Tag: Women’s Fiction

LIGHTHEARTED HUMOUR FOR BABY BOOMERS

A chick, in my book, is a baby chicken covered in downy, yellow feathers up until the age of  6-weeks.   I’ve always bristled when the term is applied to young women, and I have always subconsciously disassociated myself from Chick lit, believing the genre to be driven by scantily clad, sex-driven female main characters.  I couldn’t have been more wrong and, although I’m not a fan of categories, it’s time to reassess the genre I think I’ve been writing in.

CHARRED REMAINS

Charred Remains is an excerpt from the novel Just Say It! by Tessa Barrie, bittersweet story of how growing up with a narcissist mother, affects journalist, Lisa Grant’s, life.

INTO EXILE

The first time they set foot on the parched earth of their new home and future source of income, it came as a shock. Dropped by taxi during the late afternoon, they stood like a pair of refugees, surrounded by their modest collection of baggage. They were both still under thirty, blond and, outrageously good looking. Two young men that you would expect to find on the front cover of Vogue magazine and not embarking on a seriously get-your-hands-dirty project. 

New Life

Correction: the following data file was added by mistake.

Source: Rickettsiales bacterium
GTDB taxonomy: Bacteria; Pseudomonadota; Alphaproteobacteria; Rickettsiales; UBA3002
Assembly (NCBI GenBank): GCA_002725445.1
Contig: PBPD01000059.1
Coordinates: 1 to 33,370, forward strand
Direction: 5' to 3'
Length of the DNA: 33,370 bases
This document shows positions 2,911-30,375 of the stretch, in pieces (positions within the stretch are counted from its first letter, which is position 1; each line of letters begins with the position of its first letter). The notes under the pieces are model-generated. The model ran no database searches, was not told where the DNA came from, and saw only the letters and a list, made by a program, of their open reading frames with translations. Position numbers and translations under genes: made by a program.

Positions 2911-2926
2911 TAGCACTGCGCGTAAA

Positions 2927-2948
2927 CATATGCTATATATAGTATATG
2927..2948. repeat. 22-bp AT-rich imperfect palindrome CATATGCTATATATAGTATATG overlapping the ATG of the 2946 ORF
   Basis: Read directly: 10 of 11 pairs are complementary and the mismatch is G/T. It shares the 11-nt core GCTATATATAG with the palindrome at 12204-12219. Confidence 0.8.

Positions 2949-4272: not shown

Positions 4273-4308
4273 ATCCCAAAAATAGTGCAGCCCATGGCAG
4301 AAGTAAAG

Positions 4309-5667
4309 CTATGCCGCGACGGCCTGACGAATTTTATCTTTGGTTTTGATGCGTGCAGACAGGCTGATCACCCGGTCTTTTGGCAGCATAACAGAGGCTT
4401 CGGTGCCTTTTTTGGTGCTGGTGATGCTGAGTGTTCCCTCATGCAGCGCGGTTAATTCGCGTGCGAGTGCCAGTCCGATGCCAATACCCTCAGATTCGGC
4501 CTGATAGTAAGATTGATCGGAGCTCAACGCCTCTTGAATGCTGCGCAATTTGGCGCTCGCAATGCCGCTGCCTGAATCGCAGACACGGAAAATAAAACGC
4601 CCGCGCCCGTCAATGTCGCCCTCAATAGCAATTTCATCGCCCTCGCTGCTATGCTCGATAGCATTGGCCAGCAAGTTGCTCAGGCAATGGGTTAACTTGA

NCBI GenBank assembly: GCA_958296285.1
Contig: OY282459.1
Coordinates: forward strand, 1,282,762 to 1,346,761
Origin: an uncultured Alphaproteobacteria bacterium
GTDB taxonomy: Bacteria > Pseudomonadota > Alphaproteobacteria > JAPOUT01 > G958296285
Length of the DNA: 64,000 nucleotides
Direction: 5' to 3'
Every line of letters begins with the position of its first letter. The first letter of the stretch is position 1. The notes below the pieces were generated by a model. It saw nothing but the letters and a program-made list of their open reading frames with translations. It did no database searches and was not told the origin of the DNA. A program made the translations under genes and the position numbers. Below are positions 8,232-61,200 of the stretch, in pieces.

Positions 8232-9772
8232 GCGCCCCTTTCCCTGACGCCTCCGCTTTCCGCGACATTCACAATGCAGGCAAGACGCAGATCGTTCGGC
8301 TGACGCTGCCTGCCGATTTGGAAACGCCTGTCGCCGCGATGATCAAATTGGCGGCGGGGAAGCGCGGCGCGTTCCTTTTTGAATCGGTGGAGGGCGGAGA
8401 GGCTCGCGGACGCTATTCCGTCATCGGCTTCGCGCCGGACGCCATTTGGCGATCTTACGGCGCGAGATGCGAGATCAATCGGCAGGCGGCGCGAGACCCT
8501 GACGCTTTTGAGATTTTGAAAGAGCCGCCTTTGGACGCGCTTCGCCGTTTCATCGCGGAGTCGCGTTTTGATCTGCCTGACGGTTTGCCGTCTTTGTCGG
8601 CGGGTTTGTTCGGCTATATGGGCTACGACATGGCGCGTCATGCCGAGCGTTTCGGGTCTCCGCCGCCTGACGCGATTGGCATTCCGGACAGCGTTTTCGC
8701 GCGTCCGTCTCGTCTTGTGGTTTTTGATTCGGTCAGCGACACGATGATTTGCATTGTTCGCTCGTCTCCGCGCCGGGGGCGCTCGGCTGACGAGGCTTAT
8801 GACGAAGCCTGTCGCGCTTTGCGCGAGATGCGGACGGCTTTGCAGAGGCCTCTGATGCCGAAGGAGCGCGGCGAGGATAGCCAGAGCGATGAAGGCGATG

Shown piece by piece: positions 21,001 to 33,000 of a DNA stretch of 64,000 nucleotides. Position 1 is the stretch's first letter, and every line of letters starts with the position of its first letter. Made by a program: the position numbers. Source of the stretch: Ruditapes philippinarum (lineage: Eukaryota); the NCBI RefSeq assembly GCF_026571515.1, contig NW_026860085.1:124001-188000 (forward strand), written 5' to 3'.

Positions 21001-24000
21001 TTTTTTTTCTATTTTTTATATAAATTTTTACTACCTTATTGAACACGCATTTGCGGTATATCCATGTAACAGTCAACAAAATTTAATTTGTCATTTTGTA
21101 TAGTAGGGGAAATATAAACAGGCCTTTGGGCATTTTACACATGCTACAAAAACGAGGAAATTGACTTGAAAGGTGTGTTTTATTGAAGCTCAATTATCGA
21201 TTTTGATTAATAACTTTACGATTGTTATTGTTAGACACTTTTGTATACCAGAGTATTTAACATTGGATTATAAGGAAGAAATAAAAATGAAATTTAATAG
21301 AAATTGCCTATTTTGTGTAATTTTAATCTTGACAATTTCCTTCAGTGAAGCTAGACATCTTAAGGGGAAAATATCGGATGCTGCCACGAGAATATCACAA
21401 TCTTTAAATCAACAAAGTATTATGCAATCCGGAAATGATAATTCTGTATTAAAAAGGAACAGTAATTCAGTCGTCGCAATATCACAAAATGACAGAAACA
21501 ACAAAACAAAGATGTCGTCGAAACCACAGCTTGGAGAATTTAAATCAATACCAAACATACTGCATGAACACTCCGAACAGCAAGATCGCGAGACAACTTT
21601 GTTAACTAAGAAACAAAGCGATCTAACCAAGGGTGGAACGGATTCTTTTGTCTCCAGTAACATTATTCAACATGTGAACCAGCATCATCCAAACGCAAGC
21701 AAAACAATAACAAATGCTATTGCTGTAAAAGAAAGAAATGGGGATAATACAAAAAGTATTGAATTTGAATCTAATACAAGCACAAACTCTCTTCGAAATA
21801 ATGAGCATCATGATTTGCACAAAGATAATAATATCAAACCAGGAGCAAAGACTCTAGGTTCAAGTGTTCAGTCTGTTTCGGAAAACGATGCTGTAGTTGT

This Just Say It extract, New Life, celebrates the birth of my main character, Lisa Grant, and is the opening sequence of the book.

CHARACTER INSIGHT – Elizabeth Galsworthy-Grant, nee Campbell

The first time he invited her back to his flat for a drink after a cocktail party to celebrate the New Year, she took advantage of his inebriated state. He flopped on to the sofa next to her, and she turned toward him, straddling his lap and pinning him down. Covering his mouth with hers, he felt he couldn’t breathe. Although way out of his comfort zone, being pounced on by an eighteen-year-old siren with the sexual appetite of a tigress, resistance was futile. If he had any doubts about the morality of his seduction, Elizabeth had no intention of giving him any time to think about it.

In the foggy waking moments of his hangover the following day, he dismissed what had happened between them for what it was, drunk sex. It would never happen again. He only had a few weeks left in London, and he would make sure he kept a low profile.

Taking It Slow

Lisa Grant is leaving the UK for good to live in The Algarve to work at father’s vineyard. Her car breaks down at Portsmouth where she bumps into old flame Rory who, fortunately for Lisa, is also headed for Portugal. Rory gallantly offers to drive Lisa there and they decide to take their time travelling through Spain and Portugal to do a bit of sightseeing.

OUTTAKES: JUST SAY IT

I’ve been having one final, brutal, word cull of the final draft.

This is one of the scenes I’ve cut when my MC realises her life is stagnating and I would like to share it with you.

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